Further to that point of order. I should like your assistance, Mr. Speaker, on a question that perhaps precedes the question of further time, which is more properly directed to the Leader of the House, that is to say, as to the choice of Amendments in the course of the debate on the Motion for the Loyal Address. There are two Amendments—indeed, I think there are three Amendments—on the Order Paper which deal with defence subjects. There is the one to which my right hon. Friend has just referred; there is one in the name of the hon. Member and his hon. Friends behind me, and there is another Amendment from the other side of the House which, although not directly raising the question of defence, does indirectly relate to it.

In the choice of Amendments that has so far been indicated there is no opportunity for raising any of the subjects covered by the Amendment to which we refer, and I submit to you, Mr. Speaker, with great repect that that would be a great pity. Defence is agitating the minds of a great many people today, and not only in the House.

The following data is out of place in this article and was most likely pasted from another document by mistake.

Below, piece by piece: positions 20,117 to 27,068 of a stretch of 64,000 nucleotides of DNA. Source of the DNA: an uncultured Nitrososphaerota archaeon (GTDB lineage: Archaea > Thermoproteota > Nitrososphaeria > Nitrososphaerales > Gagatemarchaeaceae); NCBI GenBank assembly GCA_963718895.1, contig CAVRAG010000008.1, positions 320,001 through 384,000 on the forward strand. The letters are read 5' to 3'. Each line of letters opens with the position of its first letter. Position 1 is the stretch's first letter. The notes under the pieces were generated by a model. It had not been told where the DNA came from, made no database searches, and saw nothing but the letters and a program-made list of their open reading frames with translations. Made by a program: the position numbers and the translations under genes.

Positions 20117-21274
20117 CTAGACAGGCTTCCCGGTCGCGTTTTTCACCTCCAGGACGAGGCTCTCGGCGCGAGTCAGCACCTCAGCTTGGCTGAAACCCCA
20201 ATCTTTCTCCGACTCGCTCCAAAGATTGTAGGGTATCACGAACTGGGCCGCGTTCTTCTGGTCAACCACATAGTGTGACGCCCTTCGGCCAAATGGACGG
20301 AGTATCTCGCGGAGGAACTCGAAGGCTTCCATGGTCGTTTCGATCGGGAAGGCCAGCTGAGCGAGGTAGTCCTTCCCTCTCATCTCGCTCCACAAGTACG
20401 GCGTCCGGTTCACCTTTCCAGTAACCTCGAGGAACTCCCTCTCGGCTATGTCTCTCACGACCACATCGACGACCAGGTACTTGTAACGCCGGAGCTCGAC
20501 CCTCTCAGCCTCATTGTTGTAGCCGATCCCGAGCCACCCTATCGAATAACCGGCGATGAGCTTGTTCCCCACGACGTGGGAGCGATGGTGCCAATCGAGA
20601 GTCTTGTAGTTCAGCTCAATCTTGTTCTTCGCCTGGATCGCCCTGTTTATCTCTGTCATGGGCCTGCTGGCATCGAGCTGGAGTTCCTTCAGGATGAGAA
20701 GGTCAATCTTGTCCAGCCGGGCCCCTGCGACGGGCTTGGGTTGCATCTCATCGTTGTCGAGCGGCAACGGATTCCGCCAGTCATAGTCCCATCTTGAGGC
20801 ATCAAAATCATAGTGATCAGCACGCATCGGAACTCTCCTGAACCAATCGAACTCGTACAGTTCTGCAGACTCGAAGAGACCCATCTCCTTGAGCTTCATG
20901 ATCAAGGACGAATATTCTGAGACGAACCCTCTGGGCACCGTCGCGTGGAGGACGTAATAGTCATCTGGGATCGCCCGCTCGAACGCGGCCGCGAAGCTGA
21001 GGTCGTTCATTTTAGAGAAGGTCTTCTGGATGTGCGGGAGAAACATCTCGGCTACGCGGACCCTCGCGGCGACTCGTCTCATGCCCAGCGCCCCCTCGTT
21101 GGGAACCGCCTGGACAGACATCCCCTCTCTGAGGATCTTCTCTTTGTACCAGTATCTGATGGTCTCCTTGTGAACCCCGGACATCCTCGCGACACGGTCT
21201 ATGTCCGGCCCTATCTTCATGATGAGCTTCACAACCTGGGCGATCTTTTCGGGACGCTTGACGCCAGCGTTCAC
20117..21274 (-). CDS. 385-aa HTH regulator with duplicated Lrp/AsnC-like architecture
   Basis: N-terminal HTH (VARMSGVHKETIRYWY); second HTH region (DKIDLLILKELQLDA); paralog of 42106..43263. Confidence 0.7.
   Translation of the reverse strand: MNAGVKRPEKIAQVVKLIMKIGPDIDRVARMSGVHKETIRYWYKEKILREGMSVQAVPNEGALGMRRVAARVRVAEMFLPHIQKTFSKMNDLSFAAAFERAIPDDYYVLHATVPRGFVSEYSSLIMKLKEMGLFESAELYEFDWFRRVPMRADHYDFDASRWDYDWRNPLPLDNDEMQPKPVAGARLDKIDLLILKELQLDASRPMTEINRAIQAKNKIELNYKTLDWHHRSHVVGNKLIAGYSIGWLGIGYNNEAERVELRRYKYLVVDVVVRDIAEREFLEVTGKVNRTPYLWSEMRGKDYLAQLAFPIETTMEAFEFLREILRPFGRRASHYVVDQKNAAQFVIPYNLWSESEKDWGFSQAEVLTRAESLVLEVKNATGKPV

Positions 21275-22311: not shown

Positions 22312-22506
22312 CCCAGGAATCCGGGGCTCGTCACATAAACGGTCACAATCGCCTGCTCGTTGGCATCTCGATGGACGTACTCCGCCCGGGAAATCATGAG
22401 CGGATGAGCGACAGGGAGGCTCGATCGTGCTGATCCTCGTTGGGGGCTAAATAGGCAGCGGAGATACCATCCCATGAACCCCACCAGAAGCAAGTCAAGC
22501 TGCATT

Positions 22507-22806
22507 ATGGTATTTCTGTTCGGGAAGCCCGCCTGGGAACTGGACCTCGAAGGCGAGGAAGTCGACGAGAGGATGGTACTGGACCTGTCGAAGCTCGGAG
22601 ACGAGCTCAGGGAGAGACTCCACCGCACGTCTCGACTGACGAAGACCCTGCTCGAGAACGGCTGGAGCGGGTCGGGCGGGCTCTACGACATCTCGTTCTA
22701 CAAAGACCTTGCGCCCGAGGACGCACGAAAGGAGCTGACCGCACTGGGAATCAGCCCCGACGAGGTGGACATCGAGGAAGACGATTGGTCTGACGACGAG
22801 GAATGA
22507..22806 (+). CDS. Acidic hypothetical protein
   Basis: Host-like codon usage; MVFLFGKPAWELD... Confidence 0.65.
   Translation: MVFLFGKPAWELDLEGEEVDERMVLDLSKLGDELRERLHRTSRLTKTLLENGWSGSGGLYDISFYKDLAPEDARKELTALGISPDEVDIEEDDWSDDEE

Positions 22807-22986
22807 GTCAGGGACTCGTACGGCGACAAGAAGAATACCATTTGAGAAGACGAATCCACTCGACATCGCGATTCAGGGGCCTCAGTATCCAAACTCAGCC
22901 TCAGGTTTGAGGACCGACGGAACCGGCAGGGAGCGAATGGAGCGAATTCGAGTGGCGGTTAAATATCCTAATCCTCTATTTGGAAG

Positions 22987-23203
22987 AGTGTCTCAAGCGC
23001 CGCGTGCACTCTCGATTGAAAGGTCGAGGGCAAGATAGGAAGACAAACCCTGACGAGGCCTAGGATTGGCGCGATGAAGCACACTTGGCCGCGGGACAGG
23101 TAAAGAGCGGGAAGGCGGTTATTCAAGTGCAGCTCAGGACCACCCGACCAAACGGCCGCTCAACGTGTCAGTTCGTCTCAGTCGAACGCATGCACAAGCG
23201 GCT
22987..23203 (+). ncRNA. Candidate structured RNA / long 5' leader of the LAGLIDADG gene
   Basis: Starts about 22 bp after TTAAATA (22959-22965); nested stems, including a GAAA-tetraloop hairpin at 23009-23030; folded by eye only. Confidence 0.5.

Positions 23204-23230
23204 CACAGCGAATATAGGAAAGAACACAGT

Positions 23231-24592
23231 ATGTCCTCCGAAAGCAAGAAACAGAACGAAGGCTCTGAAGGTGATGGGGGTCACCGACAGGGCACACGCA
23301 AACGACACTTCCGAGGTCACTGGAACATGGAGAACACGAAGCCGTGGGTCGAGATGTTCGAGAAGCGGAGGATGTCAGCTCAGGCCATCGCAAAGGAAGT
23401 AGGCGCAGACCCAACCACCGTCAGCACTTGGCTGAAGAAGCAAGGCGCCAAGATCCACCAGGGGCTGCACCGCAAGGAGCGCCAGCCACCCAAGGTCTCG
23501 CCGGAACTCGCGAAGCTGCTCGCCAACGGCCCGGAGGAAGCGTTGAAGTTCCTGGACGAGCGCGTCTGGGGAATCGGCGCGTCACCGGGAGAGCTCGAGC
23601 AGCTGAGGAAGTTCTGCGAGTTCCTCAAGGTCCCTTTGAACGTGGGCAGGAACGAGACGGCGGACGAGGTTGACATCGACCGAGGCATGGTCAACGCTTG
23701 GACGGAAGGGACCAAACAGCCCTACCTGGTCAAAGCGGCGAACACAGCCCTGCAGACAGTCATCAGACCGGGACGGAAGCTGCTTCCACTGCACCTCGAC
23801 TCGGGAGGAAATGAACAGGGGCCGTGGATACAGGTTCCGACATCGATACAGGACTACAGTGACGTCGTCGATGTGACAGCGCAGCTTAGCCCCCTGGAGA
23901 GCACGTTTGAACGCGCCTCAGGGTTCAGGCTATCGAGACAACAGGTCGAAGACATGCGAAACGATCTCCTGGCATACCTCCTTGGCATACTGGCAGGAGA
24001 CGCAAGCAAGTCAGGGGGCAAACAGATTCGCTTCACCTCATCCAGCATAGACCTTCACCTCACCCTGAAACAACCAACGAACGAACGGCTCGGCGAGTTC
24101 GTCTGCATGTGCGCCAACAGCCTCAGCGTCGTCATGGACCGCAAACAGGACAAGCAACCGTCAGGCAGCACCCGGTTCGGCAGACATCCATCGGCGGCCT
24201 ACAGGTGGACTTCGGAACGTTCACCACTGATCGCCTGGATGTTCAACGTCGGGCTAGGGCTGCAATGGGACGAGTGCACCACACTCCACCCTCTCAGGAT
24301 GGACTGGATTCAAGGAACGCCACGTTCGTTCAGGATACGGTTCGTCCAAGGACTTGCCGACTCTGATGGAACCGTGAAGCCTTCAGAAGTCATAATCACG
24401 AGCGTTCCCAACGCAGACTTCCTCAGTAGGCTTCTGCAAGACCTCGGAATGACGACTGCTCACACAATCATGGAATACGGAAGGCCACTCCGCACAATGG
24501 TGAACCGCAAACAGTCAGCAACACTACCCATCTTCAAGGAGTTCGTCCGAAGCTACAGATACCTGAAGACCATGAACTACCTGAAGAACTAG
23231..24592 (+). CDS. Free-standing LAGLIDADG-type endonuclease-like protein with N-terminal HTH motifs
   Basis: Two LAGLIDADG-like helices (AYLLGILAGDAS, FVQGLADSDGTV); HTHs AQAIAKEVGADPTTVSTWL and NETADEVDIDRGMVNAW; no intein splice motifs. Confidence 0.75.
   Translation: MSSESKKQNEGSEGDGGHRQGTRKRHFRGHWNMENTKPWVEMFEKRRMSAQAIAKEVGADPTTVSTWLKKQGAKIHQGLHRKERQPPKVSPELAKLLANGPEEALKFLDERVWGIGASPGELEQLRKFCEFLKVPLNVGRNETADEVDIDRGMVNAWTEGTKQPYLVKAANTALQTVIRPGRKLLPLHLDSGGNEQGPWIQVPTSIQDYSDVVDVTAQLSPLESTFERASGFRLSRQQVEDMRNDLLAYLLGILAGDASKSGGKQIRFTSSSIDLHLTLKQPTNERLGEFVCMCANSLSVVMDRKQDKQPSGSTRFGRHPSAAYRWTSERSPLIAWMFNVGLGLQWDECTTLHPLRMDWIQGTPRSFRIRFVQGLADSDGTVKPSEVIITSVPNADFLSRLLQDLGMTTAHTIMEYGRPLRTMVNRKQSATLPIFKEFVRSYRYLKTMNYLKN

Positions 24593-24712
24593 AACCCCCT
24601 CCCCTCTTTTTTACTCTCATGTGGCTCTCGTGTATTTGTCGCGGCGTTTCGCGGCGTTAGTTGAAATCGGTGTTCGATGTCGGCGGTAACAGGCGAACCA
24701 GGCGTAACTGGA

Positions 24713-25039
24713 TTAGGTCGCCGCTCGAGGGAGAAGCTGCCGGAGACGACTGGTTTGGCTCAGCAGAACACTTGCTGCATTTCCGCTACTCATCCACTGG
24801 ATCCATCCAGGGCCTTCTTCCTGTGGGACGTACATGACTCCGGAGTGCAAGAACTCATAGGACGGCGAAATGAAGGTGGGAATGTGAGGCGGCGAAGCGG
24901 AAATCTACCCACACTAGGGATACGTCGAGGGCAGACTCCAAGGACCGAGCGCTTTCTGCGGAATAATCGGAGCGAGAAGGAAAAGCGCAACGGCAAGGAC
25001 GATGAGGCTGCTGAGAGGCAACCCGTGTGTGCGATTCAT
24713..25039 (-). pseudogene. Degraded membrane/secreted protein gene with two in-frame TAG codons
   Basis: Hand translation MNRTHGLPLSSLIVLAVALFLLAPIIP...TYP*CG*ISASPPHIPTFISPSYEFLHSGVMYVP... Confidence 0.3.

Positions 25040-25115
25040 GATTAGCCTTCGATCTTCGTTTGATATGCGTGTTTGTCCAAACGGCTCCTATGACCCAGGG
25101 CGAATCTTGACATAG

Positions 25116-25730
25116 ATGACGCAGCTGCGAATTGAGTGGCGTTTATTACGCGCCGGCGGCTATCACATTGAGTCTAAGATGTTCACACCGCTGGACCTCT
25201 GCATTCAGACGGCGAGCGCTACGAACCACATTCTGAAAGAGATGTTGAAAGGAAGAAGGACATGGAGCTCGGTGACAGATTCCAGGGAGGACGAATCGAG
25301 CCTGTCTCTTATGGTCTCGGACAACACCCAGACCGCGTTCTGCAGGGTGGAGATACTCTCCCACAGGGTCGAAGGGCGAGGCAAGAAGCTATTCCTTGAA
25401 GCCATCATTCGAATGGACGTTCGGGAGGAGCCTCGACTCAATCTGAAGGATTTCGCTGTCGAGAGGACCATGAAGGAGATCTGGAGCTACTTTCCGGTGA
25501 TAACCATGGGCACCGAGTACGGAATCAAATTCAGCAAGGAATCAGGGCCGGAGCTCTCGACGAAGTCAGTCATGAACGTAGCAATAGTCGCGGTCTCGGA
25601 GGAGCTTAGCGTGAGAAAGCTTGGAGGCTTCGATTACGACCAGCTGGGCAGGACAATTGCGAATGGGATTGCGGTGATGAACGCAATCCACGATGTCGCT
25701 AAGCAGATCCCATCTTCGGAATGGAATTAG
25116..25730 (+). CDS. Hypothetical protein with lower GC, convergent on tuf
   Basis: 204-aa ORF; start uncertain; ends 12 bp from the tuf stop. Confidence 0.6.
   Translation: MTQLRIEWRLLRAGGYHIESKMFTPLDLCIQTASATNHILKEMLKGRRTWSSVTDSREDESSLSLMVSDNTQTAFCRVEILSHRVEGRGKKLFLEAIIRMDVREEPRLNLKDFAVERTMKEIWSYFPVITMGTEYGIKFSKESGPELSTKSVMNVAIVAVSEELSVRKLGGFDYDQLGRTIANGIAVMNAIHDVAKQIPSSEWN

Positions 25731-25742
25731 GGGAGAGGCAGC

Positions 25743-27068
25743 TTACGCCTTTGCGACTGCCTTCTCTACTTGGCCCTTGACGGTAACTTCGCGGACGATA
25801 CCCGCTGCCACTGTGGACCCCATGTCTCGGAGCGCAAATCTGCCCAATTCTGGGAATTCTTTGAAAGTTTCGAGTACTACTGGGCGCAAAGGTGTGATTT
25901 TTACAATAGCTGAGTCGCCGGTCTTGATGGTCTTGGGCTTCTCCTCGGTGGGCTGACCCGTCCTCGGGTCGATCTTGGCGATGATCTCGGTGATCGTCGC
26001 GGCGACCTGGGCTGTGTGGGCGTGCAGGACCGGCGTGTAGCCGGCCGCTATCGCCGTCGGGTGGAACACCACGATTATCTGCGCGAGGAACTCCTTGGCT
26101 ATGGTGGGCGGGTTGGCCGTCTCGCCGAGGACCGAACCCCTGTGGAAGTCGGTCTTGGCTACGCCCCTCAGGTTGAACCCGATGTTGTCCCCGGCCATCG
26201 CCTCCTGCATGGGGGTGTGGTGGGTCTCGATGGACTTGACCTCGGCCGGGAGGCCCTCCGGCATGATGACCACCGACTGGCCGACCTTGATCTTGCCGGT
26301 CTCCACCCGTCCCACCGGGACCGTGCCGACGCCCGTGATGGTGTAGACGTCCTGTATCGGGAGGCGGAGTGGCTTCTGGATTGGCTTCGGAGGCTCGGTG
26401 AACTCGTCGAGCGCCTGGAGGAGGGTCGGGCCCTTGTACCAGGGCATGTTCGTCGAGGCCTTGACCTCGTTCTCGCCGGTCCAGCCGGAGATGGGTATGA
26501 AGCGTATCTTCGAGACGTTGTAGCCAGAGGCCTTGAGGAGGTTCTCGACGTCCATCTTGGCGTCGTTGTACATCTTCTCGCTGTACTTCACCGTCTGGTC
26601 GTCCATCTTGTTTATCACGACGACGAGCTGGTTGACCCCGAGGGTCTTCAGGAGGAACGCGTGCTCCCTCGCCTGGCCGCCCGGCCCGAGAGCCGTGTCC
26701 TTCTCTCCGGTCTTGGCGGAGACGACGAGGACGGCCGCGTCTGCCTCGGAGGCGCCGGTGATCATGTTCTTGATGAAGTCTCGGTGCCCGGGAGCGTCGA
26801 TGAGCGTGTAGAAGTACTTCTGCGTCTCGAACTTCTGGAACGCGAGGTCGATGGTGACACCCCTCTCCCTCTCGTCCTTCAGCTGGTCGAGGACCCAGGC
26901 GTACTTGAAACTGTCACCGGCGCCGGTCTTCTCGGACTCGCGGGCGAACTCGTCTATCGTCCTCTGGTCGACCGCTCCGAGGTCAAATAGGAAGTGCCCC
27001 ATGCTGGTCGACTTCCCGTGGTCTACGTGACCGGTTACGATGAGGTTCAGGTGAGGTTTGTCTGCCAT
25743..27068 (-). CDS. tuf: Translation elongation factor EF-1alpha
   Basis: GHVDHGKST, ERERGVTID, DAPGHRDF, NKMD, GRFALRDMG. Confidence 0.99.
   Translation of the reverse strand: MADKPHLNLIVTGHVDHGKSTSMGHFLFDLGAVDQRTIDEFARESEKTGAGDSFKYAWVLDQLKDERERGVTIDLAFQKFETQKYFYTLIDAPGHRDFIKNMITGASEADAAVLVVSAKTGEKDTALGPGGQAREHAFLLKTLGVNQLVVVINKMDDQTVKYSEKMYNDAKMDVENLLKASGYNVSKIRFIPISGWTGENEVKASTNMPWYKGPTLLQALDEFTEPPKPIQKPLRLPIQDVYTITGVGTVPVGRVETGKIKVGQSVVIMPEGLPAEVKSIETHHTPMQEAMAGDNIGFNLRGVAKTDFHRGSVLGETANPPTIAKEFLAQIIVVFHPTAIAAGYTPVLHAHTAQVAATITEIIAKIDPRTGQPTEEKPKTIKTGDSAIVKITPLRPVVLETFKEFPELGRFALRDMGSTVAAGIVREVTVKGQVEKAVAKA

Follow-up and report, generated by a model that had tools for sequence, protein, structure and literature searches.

There were many people in the country who were gravely disturbed about these problems even before the Prime Minister made his announcement two days ago. Since then the anxiety has been greatly increased, especially in Scotland. It is a subject which has created great anxiety indeed.

There are two precedents in comparatively recent times for calling unofficial Amendments to the Motion for an Address. I have had an opportunity of drawing your attention to them privately, and. I should like now publicly to draw your attention to them, I hope very shortly.

Perhaps the closest parallel was on 28th November, 1934, when the right hon. Member for Woodford (Sir W. Churchill) was in temporary disagreement with his then leaders about defence matters. He put down an Amendment to the Address in these terms, and was allowed to move it, and a debate took place:
"But humbly represent to your Majesty that, in the present circumstances of the world, the strength of our national defences, and especially of our air defences, is no longer adequate to secure the peace, safety, and freedom of Your Majesty's faithful subjects."—[OFFICIAL REPORT, Wednesday, 28th November, 1934; Vol. 295, c. 857.]